The Enhanced Steam project started during the Winter Sale of 2012 as a way for me to help manage my own personal growing library of Steam games. Its first feature was to simply highlight games on the Steam store that I already owned, because at the time the only way to know this was to open the game’s store page and wait for it to load. It was designed to help save time when looking for deals, and it grew into a project that spanned thousands of lines of code, hundreds of features, and was translated into 26 languages.
One of my most proud accomplishments is that Enhanced Steam has had such a huge outpouring of support from fans – including those who were veterans of the gaming industry. The software has been downloaded by over six million people, all of which placed an unprecedented amount of trust in me to keep their Steam accounts safe and secure. In almost six years of administering Enhanced Steam, I have received countless offers from others to purchase distribution rights so that the new owners could sneak in advertising code or worse types of monetization and I have turned down every offer. Unfortunately, this means that Enhanced Steam has never turned a profit. The API servers have been able to stay online thanks to generous user donations and the monthly support from our Patreon pledges.
Recently, Valve has started paying attention to and has been updating the Steam storefront with regular new features and updates based on user feedback. Some of these features they’ve re-engineered based on popular Enhanced Steam features: highlighting games, displaying account totals, adding games to your cart from the wishlist, showing your wallet balance on every page, an empty cart button, and many more. In fact, Enhanced Steam 1.0’s original set of features from 2012 have been completely adopted by Valve and are now available for all Steam users to enjoy.
For the past year I’ve been working two jobs to support my family, and have still tried to devote time to updating Enhanced Steam and keeping the API servers operational. Unfortunately with Valve’s recent dedication to updating their store features, this means I would need to devote much more time to the project than I am able. There are features that need to be re-engineered and bugs introduced by Valve’s changes, and I simply don’t have the time I would like to dedicate to effectively fill the gap that continues to widen.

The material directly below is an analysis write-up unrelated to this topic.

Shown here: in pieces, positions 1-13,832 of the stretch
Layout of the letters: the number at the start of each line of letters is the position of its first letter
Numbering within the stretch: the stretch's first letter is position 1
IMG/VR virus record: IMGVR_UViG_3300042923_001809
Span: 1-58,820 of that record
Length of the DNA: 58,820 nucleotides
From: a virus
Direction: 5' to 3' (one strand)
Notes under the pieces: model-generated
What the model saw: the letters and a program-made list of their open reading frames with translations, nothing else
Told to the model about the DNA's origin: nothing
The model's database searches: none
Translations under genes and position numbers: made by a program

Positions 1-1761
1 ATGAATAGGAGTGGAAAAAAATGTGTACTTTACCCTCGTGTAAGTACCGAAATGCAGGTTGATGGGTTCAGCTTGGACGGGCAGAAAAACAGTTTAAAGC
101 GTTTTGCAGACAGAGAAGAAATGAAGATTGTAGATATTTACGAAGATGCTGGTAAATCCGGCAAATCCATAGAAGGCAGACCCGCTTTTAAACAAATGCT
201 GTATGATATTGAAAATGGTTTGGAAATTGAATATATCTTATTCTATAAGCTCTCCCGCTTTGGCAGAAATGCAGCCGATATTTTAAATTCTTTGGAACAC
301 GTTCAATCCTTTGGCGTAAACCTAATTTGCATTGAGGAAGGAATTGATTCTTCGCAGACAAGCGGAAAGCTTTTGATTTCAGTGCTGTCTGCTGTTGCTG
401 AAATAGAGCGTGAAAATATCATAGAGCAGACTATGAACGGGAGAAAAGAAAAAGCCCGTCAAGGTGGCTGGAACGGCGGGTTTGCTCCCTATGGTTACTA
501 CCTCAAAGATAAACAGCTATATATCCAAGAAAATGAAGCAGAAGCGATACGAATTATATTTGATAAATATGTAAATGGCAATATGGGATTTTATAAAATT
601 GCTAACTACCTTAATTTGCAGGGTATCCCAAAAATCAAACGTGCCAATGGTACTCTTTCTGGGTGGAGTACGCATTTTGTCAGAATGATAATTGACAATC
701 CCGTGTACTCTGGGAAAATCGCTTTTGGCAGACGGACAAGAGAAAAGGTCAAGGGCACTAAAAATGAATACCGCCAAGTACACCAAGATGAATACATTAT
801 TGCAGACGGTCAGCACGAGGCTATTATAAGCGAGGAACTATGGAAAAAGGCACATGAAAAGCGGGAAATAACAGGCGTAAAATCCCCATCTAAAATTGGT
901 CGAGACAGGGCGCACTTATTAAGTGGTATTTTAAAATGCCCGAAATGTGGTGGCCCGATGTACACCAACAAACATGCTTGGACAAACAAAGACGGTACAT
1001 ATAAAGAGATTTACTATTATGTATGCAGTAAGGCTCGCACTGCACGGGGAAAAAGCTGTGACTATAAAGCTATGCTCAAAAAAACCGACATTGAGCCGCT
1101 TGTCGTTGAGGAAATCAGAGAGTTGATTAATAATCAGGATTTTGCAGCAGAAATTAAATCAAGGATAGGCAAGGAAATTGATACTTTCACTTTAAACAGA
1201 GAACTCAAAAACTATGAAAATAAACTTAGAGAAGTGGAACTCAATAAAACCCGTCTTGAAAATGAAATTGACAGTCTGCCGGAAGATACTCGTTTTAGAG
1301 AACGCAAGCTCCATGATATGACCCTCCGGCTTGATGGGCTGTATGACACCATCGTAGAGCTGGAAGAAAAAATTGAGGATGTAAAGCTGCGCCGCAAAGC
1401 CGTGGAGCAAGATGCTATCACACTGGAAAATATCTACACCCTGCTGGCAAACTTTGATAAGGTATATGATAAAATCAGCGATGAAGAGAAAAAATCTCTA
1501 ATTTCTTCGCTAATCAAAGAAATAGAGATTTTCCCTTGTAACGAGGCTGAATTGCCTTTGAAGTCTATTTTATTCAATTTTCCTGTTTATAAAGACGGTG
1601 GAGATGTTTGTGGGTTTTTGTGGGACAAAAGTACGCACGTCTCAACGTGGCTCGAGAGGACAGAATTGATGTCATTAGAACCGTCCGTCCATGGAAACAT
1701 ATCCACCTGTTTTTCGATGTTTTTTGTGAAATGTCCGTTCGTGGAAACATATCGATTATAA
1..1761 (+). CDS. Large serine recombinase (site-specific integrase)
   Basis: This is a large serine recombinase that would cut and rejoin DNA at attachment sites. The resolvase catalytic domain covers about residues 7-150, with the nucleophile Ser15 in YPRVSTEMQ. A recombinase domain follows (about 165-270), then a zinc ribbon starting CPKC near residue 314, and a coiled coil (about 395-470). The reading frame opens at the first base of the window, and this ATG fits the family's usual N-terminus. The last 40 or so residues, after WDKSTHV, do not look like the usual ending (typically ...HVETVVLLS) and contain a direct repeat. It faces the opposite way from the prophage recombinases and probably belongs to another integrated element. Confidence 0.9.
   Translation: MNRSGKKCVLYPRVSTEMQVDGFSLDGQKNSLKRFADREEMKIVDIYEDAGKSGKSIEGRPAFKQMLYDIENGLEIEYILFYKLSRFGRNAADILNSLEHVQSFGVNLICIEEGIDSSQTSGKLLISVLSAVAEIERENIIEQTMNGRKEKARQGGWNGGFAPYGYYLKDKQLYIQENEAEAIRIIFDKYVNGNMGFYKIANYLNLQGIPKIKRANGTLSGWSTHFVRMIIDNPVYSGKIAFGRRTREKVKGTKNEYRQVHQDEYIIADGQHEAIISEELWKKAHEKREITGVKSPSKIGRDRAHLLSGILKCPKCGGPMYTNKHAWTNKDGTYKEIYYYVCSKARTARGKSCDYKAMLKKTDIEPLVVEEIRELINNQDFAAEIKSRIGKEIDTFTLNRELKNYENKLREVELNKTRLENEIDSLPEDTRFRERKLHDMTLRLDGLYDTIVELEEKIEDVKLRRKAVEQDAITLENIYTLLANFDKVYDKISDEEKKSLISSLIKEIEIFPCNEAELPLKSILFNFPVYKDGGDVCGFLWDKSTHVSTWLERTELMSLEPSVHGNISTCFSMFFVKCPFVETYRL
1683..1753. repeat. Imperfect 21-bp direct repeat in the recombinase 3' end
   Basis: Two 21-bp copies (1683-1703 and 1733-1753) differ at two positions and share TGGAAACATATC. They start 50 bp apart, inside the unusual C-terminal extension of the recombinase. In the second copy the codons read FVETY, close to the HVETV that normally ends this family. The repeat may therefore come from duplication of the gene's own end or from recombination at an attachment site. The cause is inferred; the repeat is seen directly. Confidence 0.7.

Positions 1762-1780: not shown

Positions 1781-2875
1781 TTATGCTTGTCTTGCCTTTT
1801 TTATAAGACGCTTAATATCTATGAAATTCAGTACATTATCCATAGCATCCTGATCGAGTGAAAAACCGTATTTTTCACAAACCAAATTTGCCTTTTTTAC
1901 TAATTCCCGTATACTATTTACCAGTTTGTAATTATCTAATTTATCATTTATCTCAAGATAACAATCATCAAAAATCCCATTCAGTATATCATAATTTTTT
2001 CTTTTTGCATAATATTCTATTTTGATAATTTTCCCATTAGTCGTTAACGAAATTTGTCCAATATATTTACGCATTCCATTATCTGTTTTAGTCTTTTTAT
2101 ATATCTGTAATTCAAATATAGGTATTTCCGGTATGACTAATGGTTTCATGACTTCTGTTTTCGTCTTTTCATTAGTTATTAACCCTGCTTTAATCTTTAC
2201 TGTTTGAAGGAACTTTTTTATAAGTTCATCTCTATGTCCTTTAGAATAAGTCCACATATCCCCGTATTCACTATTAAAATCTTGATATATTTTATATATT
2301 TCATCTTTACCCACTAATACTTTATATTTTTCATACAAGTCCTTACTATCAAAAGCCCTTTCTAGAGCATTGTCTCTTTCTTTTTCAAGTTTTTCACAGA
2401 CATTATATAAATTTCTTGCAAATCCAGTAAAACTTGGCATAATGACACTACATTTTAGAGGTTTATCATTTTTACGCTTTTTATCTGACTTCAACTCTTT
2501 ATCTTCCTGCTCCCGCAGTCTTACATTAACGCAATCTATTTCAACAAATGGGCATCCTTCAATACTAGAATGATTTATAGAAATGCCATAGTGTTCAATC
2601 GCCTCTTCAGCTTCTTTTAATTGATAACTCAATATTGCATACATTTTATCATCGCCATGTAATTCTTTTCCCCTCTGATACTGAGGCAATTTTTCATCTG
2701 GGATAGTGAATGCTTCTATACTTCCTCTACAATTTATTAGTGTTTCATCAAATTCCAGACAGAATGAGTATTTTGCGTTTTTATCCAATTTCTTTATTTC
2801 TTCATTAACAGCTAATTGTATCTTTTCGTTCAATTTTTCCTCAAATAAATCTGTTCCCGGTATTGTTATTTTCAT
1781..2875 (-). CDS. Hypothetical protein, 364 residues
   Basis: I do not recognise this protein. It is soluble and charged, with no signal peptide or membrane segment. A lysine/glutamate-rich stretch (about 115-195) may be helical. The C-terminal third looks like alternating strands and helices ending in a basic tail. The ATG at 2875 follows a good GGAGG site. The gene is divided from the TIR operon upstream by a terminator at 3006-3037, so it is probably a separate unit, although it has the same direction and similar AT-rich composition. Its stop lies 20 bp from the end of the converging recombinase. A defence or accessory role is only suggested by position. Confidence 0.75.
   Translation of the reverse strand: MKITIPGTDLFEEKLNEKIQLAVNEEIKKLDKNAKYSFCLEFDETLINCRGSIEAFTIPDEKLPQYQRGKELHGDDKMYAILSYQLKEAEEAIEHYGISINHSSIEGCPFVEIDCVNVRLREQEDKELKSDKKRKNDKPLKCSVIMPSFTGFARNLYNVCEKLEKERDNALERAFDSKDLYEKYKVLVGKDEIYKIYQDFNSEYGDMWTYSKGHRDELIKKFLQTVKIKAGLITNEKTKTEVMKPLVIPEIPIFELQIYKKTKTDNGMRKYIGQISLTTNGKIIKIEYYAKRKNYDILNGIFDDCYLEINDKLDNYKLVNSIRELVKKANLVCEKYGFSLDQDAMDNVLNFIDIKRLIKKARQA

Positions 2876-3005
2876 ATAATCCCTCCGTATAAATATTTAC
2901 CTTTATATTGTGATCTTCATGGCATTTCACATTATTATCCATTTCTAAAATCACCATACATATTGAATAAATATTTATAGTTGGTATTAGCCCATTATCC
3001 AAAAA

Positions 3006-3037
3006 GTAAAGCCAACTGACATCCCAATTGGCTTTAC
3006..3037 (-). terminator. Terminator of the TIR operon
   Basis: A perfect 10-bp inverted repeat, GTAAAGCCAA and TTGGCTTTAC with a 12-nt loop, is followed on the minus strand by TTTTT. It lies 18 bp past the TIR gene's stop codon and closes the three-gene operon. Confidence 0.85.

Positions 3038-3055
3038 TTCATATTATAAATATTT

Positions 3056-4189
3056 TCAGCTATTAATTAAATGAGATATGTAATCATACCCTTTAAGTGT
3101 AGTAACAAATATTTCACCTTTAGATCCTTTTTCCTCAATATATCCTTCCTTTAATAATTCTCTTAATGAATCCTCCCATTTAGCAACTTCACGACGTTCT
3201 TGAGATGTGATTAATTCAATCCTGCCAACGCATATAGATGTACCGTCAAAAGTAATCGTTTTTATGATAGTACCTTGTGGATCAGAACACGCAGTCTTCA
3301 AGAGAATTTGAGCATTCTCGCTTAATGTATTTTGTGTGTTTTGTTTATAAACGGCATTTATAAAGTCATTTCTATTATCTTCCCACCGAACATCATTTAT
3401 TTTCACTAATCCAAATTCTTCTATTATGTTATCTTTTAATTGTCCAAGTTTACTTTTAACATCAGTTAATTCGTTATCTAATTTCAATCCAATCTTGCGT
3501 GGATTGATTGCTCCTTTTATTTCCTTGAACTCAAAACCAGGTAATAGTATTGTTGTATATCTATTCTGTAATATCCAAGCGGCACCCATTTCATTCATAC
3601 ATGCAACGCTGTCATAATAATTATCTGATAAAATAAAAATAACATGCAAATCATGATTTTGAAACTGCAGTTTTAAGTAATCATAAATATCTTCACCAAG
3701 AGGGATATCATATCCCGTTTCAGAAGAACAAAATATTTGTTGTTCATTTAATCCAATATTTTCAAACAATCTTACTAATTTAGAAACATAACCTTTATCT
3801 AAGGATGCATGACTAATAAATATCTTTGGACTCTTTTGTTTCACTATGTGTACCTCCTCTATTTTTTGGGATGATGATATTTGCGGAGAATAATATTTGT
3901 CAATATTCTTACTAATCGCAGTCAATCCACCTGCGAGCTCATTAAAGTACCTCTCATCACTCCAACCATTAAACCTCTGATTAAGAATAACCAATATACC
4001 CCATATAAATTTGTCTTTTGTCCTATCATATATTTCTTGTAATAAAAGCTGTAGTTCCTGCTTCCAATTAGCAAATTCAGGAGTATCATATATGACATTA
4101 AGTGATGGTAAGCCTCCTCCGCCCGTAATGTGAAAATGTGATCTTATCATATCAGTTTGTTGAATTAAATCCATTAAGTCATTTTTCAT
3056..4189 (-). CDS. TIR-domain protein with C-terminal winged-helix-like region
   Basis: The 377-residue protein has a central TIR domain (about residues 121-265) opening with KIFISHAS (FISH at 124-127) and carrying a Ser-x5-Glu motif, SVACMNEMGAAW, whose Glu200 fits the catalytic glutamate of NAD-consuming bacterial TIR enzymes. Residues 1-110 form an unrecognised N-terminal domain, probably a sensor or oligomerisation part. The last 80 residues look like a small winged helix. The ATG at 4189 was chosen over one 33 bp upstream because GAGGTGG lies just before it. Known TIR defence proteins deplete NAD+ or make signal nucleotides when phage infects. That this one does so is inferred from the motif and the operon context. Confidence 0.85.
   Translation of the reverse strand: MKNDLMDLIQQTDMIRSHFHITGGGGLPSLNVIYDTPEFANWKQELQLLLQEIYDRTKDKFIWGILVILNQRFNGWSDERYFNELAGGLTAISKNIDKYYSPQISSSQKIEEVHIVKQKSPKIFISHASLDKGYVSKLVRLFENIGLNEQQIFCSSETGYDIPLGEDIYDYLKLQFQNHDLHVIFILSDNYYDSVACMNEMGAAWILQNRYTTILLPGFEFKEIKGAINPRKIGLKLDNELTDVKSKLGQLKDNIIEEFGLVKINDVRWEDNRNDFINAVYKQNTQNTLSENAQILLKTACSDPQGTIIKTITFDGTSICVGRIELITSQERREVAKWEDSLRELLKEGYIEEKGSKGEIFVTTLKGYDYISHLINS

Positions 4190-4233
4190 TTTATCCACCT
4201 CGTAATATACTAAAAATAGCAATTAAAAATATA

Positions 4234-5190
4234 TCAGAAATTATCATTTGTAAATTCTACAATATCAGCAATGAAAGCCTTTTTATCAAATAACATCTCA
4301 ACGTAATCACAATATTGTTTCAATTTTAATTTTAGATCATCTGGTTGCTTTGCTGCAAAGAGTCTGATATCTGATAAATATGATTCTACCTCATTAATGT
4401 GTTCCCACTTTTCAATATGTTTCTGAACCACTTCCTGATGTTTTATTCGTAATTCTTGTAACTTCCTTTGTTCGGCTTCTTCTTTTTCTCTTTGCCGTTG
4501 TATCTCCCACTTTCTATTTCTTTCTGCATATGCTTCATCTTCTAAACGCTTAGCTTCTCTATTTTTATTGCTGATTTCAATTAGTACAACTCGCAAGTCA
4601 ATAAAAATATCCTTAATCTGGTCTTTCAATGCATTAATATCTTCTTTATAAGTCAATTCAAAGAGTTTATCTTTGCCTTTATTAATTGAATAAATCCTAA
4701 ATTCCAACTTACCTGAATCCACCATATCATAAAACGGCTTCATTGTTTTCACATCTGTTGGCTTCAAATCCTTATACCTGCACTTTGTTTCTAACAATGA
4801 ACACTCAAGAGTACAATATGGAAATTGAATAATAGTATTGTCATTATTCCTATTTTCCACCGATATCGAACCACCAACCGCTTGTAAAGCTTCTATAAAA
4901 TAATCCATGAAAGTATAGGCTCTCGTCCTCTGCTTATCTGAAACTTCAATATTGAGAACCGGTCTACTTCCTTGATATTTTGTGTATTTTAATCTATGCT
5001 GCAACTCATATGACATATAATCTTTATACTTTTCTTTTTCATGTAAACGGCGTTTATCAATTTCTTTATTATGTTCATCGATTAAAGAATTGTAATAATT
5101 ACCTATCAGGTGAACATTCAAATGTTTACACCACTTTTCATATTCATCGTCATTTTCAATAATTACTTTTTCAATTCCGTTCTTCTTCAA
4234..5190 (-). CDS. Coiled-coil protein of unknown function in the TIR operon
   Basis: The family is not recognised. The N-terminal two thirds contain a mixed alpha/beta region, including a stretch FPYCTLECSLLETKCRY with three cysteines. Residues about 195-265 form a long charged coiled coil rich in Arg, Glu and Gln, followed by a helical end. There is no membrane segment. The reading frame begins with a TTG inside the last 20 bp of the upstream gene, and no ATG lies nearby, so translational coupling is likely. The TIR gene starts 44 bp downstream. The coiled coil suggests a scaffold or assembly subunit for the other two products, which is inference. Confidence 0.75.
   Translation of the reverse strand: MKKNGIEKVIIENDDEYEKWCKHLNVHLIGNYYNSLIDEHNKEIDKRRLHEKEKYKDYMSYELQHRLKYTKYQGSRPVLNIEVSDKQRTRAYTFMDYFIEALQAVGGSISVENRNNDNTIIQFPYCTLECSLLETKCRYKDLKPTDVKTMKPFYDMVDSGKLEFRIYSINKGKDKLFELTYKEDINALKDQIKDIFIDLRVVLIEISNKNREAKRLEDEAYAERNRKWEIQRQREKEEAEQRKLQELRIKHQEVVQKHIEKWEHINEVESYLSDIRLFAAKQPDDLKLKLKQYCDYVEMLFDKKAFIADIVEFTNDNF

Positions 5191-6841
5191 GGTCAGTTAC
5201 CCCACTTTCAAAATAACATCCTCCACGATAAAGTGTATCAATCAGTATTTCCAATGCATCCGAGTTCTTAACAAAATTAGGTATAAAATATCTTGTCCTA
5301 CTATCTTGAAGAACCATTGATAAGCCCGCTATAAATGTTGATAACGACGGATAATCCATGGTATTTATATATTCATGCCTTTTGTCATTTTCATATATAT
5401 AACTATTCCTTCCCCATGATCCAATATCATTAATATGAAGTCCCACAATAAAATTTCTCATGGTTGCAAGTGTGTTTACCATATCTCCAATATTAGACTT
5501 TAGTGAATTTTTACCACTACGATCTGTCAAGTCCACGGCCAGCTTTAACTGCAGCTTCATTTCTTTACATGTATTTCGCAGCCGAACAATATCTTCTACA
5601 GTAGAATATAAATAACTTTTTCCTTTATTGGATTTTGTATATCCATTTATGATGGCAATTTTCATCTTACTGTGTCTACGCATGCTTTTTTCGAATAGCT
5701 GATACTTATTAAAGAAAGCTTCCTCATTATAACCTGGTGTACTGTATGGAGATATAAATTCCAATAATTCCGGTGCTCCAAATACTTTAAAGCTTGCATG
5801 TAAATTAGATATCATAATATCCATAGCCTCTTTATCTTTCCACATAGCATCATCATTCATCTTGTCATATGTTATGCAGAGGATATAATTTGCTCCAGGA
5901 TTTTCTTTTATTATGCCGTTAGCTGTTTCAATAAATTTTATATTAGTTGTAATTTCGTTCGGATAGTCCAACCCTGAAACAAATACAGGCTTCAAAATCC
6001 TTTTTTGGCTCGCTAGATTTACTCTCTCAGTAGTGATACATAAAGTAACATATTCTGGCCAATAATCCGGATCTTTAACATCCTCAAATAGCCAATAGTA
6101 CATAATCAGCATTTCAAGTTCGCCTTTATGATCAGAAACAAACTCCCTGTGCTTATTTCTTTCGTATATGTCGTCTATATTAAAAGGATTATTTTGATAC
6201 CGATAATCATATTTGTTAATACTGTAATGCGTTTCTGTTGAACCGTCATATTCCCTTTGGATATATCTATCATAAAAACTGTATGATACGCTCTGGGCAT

With all of these factors, I am today announcing Enhanced Steam’s End of Life.
What does this mean?
First of all, Enhanced Steam’s client code is open source, and can be forked by any interested party going forward. There are many features of Enhanced Steam that will simply continue working: things like calculating market totals, interface tweaks such as homepage customization, 3rd party DRM warnings, and more. Caveat being these things will continue to function normally assuming Valve doesn’t make significant changes to the pages these features are running on.
Shortly I’ll be releasing Enhanced Steam version 9.9 which will include changes that have been worked on over the past few months. It will contain bugs that will go unpatched, and will also include a link to this announcement. This will be the last official full release of Enhanced Steam.
The Enhanced Steam API servers will be discontinued on January 31st, 2019. Shortly before that happens, the server-side code (minus sensitive information such as API keys) will be released as open-source on Github. At that time, the Patreon campaign that supports Enhanced Steam will be taken down.
Also shortly before the January 31st deadline, a “stripped down” version of the client that performs only local (non-server) functions will be pushed out to Google Chrome and Firefox users that have installed the extension from those official repositories so that they can continue to function without getting server-related errors. Unfortunately this means they will also loose a substantial amount of functionality. Over the next six months, I will be reaching out to our 3rd party data providers to help ease this transition.
This will allow everyone to continue to enjoy Enhanced Steam through the end of this year’s Winter Sale and will also mark six years that the project has been active.
Again – I’ve been completely blown away by the support of Enhanced Steam’s users over the years. This isn’t a plea for people to donate more money or a push to get more Patreon subscribers, I simply don’t have the time to properly devote to the project any longer. I would prefer to do things this way rather than to sell out to a corporation who would try to exploit its users for a profit.
In the future, I would suggest users be overly-cautious of Enhanced Steam alternatives that will inevitably pop up – other similar extensions already have code that could hugely compromise it’s users Steam account security or general browser privacy. Be careful of which extensions you run, and make sure they’re from sources you trust to safeguard your information.
Finally, a special thanks to Valve and the wonderful people I’ve met there over the years thanks to Enhanced Steam. Thank you again to Enhanced Steam’s users for the trust you have placed in me and your notes of encouragement and donations over these past almost 6 years.